I have three confessions, and I hope you will have the grace to continue reading after I’ve shared them with you. You see, a few things have weighed heavy on my heart this year, and on their account, I’ve felt deeply conflicted. In this culture of political train wreckage, I know that this confession won’t make me popular, and sadly, I understand why.
But here goes nothing.
I am a Christian and I am — well, I was — a registered Republican.
Whew, that feels good to get off my chest. Are you still with me? I don’t blame you for being hesitant, but please stay. I have so much more I need to say. (And that third confession is forthcoming.)
Let me start by saying that as a person of faith, my vote is often informed by my beliefs. I try my best to navigate complex social issues with grace and kindness. I want to vote my conscience on these issues, but I no longer believe that is possible, especially in the Republican Party.
Here I am, watching the these politicians, and I can’t help but wonder: Are we all talking about the same Jesus?
You see, the Jesus I know would require that we work hard for what we have, but He would also protect the poor, and “the least of these.” The Jesus I know would support law and order, but He would never build a wall to keep foreigners out of His country.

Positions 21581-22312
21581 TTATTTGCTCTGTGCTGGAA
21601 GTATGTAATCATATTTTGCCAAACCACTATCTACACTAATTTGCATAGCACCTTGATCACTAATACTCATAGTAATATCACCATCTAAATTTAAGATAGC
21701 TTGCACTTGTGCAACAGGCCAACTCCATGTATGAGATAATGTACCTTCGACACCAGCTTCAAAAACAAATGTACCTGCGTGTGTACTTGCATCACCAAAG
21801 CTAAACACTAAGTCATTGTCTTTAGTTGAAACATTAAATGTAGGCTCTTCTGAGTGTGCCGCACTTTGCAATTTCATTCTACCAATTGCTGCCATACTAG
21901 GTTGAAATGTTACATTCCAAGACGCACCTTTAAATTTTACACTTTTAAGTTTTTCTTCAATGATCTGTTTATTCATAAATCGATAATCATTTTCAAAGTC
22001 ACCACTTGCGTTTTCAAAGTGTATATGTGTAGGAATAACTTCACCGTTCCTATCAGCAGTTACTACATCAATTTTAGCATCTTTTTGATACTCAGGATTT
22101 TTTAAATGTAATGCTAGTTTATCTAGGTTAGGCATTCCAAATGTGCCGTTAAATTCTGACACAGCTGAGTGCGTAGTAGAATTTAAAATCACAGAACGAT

On the contrary, the Jesus I know has an affinity for tearing down walls.
The GOP touts “one nation under God,” but believe me, Jesus Christ would have nothing to do with the state of their politics. His message centered around three simple pillars: Faith, Hope, and Love.
That being the case…
Donald Trump has said that he owes nothing to God, that there is nothing in his life to forgive. That is not faith.
Donald Trump has spoken of making America “great again,” gleefully beckoning an era when people who protested were carried out on stretchers. That is not hope.
Donald Trump has demonized entire people groups, summarily referring to them as “evil” or “criminal.” That is not love.
So, since you are still here, it’s time for my third and final confession.
I am done with the Republican Party.
These politicians have hijacked my faith, politicized it, and declared in God’s name that Democrats are “The Enemy.” They claim the world is sick, and I tend to agree. But their medicine so divisive, so hateful, that when it is consumed by the masses, violence is a common side effect.
They have taken the banner of Christ and run it up a flag pole, claiming “Christian domain” over all of their politics. This exclusive posturing is a bastardization of my values and an affront to the inclusive nature of the gospel of Christ.
No, this is not faith. This is not hope. This is not love.
This is a horrible miscarriage of a beautiful gospel, and I will no longer endorse it with my silence.
As a Christian, a mother, and a citizen, I feel a civic responsibility to vote. And vote I will. But I shudder at the notion that Christ is all up in this election, endorsing one particular candidate.
I’m pretty sure He would be heartbroken by all of this.
If the GOP wants to champion the Christian voter, they need to champion the Christian cause. And that means love for all people. Not just those who look like us. Not just those who act like us.
You can’t speak hate and stand for love. That’s not how things work. Donald Trump’s candor reveals what is truly at the heart of the GOP. Until their rhetoric starts to illustrate the actual principles of our faith, I will take the love of Christ — and my vote — beyond the walls they hope to build.
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